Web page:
WWJD? This simple question, what would Jesus do, came into popularity several years ago. It was profound at the time, but as it got more and more trendy, it lost some of its punch. I think it is time to revisit this simple question. What would Jesus do? I think if you look at Jesus’ ministry and you see how he responded to people you can kind of guess how he would respond to circumstances today. That is kind of the point of the bracelets, necklaces, book covers and all the other WWJD merchandise, to make us stop and think before we act. For example, there is a story in the Bible about a blind man.
In John 9:2, Jesus’ disciples ask “Rabbi, who sinned, this man or his parents that he was born blind?”
He responds, “Neither this man nor his parents sinned,” said Jesus, “but this happened so that the work of God might be displayed in his life.” I think his point here is that it doesn’t matter so much who sinned, after all every one of us are guilty…we are getting hung up on the wrong question, which is who is to blame. Do we blame satan, the man, the parents, the church…who? The blame game does not fly with Jesus. He goes on to answer another question, thereby taking the emphasis off of who did what. The question is why? His answer? So that the work of God might be displayed in his life.
Why cancer? So the work of God might be displayed in your life.
Why a house fire? So the work of God might be displayed your life.
Why an individual crisis that affects the whole church? So the work of God might be displayed in YOUR life, and HIS life, and the CHURCH’S life. No matter what you are facing, fill in your own blanks with your own life traumas and the answer remains the same.
But wait, there’s more…now look on down in the story to John 9:15-16.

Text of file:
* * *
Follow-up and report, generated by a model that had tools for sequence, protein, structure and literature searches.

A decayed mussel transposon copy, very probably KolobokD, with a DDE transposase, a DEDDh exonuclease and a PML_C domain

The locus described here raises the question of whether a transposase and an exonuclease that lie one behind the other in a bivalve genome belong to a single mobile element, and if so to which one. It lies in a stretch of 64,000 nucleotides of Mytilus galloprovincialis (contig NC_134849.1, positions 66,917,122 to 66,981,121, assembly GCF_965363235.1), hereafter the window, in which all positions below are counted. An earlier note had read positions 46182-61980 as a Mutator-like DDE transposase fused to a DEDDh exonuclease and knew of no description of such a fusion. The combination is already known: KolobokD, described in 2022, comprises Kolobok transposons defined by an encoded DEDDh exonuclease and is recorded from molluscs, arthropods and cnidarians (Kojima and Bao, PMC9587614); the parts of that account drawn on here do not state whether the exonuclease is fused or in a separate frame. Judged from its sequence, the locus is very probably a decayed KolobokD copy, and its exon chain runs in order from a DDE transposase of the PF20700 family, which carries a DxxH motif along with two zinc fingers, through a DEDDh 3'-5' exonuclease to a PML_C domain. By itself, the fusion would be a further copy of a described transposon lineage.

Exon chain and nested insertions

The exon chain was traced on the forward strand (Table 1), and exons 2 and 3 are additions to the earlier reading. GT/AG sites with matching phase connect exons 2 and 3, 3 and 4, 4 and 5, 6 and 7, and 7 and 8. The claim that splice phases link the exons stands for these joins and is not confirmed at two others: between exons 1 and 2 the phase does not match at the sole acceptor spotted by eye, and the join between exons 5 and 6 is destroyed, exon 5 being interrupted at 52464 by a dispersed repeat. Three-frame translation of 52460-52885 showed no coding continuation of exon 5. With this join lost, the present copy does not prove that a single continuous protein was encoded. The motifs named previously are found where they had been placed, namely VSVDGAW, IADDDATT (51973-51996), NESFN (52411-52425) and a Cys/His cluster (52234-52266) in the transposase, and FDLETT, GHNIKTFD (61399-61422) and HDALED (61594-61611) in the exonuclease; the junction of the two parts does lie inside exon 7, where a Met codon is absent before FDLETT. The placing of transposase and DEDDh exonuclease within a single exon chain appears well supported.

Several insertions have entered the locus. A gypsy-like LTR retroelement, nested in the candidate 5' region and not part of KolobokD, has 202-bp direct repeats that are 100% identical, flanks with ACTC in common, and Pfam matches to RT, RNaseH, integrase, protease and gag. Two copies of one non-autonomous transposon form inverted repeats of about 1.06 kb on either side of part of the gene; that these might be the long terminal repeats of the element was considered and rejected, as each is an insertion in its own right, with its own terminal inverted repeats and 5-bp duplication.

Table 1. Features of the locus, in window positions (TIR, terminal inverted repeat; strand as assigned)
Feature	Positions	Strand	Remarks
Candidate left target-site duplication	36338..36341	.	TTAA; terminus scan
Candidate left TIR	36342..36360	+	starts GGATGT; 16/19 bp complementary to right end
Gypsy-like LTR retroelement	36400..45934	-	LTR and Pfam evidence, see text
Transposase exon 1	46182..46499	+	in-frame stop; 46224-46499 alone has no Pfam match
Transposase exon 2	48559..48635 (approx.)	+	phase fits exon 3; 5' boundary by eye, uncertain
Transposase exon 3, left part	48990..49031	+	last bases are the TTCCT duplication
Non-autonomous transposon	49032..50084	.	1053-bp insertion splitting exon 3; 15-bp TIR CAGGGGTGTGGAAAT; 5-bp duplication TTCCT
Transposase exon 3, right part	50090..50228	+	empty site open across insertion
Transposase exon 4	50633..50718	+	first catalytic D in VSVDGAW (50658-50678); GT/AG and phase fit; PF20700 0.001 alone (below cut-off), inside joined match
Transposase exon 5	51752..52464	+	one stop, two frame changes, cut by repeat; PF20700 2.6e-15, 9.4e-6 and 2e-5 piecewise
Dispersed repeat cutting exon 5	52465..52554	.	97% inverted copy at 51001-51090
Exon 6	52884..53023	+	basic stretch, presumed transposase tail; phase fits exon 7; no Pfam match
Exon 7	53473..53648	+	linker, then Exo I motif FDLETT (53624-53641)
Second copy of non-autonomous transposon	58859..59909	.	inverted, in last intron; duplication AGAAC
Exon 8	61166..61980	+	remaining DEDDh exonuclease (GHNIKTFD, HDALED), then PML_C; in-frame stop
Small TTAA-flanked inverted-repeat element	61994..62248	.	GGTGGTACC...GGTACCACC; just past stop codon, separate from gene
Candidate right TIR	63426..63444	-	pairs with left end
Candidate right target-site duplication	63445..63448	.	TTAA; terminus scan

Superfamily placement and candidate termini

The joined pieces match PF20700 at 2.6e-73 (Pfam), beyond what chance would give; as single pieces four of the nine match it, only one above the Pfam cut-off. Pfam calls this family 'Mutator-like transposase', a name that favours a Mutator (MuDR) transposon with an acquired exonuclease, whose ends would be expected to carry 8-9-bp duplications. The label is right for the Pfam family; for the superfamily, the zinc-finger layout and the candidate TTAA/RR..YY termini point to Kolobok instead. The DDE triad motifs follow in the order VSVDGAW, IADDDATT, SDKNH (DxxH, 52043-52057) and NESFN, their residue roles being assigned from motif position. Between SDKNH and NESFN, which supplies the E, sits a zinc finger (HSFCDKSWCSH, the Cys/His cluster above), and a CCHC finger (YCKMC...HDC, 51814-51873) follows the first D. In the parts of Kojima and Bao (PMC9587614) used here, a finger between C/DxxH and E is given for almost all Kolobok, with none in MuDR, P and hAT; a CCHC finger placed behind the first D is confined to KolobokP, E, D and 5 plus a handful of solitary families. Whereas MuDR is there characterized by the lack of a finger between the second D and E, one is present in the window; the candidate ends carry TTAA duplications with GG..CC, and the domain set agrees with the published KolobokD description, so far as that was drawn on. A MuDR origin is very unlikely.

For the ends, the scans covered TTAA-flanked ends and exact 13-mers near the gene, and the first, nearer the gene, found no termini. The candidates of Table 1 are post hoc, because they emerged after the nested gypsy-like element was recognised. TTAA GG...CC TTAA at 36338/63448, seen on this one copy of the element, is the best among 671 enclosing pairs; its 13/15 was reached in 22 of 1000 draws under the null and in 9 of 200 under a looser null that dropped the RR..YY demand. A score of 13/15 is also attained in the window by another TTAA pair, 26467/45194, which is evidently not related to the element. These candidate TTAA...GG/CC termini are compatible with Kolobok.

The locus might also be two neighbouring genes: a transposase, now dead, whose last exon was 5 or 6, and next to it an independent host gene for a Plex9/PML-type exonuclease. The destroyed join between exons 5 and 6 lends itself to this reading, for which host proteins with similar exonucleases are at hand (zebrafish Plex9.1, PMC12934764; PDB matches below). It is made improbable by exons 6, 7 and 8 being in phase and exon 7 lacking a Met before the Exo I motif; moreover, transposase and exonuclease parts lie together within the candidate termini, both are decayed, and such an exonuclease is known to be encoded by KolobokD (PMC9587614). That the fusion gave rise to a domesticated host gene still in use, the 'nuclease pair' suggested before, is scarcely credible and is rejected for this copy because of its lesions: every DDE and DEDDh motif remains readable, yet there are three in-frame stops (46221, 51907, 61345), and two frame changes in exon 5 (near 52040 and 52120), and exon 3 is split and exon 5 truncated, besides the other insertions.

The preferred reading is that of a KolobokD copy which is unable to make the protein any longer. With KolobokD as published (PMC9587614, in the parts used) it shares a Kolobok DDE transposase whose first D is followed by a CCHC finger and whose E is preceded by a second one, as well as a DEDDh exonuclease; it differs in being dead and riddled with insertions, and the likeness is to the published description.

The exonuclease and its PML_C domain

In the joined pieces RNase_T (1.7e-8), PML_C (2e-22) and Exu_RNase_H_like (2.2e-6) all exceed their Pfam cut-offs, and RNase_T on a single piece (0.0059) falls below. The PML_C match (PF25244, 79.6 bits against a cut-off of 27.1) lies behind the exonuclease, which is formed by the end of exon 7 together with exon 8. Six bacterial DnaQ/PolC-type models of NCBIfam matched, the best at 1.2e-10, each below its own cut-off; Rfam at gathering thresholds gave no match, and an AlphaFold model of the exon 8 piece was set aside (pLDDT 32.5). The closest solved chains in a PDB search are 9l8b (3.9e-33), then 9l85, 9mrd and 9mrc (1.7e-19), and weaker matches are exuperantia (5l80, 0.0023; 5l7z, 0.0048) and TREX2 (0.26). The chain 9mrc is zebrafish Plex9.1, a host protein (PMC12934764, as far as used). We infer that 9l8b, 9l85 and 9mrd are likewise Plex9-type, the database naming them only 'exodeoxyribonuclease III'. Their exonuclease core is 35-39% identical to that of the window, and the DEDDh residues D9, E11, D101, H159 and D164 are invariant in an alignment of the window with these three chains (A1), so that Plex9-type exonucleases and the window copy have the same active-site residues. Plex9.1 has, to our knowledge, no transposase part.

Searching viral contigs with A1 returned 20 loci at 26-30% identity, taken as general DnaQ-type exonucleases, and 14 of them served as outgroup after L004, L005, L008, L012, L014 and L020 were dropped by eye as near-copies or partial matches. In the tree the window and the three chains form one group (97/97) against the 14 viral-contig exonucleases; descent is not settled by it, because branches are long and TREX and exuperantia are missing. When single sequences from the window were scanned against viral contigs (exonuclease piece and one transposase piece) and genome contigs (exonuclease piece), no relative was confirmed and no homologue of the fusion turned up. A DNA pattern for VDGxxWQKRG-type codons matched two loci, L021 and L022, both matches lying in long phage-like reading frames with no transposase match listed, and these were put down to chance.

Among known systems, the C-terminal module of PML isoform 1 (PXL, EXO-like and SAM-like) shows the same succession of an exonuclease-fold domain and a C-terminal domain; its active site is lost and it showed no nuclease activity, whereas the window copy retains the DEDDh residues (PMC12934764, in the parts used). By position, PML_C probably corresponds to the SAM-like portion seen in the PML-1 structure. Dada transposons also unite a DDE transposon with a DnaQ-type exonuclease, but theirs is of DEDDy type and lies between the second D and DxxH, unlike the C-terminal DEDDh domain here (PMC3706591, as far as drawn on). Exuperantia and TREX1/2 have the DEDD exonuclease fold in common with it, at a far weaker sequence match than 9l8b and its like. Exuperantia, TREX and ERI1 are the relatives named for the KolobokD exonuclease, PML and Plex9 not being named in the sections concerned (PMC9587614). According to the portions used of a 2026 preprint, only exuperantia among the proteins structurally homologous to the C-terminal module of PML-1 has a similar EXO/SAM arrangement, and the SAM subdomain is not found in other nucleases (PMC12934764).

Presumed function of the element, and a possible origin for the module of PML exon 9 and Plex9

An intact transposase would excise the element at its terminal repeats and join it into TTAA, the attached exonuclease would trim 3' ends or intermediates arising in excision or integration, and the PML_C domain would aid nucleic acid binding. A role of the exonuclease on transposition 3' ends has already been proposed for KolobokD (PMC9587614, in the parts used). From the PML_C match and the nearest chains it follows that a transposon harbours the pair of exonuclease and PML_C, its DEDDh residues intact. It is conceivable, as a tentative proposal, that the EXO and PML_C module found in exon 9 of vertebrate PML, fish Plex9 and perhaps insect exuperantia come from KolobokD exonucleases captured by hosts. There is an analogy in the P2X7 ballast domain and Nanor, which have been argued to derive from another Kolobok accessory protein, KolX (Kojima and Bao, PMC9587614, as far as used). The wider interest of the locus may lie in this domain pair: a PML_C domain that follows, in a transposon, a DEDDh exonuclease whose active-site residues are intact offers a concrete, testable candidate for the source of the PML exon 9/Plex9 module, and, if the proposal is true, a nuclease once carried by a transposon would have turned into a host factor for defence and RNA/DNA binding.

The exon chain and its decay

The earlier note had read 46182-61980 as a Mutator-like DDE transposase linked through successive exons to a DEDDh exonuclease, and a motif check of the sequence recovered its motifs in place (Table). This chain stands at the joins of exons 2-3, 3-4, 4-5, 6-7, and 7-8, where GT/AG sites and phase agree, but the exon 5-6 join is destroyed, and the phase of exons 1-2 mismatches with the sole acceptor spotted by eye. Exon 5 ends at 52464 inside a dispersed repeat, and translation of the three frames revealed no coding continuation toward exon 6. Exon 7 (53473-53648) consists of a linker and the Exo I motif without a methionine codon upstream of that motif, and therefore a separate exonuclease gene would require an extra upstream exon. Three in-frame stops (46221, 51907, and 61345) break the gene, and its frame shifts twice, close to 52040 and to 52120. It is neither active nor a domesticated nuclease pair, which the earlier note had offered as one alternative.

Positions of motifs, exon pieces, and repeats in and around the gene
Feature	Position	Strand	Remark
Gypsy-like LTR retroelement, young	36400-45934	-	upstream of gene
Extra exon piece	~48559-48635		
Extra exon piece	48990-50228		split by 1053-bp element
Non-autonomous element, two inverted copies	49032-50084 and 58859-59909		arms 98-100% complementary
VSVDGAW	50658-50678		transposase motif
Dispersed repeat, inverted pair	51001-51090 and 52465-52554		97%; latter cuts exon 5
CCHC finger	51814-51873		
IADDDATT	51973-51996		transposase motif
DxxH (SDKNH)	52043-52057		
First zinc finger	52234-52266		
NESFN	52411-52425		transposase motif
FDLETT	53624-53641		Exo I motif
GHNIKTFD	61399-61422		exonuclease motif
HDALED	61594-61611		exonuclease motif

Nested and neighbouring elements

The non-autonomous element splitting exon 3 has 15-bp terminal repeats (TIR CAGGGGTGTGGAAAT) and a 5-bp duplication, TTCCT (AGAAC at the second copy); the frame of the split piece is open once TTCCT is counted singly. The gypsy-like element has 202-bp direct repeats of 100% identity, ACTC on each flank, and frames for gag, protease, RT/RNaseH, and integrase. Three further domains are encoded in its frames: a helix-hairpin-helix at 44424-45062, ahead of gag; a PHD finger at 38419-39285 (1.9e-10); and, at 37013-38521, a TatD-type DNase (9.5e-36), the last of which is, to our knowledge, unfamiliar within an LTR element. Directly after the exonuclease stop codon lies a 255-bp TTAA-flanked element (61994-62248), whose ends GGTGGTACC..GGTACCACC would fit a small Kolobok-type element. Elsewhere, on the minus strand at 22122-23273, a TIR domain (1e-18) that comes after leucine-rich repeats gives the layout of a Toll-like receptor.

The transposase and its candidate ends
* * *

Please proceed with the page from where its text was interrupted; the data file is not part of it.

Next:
“Therefore the Pharisees also asked him how he had received his sight. “He put mud on my eyes,” the man replied, “and I washed, and now I see.”
Some of the Pharisees said, “This man is not from God, for he does not keep the Sabbath.” But others asked, “How can a sinner do such miraculous signs?” So they were divided.”
It seems the Pharisees are at it again…totally missing the point one more time by trying to determine if God is at work or not. Bless their hearts, they just want to be sure all is in order. They are confused; their rules are not being followed. It does not look like they want it to look. They missed the miraculous work of God…blind eyes are open…light is shining and they do not get it.
The man says to them in verse 9:30, “Now that is remarkable! You don’t know where he comes from, yet he opened my eyes.”
To this they replied, “You were steeped in sin at birth; how dare you lecture us!” And they threw him out.”
Jesus hears of this and says to them, “For judgment I have come into this world, so that the blind will see and those who see will become blind.”
The Pharisees ask him “Are we blind too?”
Jesus said, “If you were blind, you would not be guilty of sin; but now that you claim you can see, your guilt remains.”
He gives a powerful answer that we would do well to pay attention to. The blind and those with other infirmities were the lowest of the low in that culture. Not even worth speaking to in the minds of the Pharisees, because they were the worst of sinners. Here Jesus shows them that he indeed came for the sinners, and not the religious who already think they “see.” He points that out here loud and clear. How can you tell if you see or are blind like the Pharisees? Check the underlines…they were divided. They were divided and they sewed division. Key point…they missed the miracle.
Next underline, they threw him out. The very one that Jesus touched, they dismissed. Not only did they deny Jesus was at work, they refused to “see” it. Key point…they missed his grace.
So what would Jesus do? He would open blind eyes. He has opened blind eyes. He would bring light into darkness. He has brought light into darkness. Can you see it or are you blinded by the circumstances?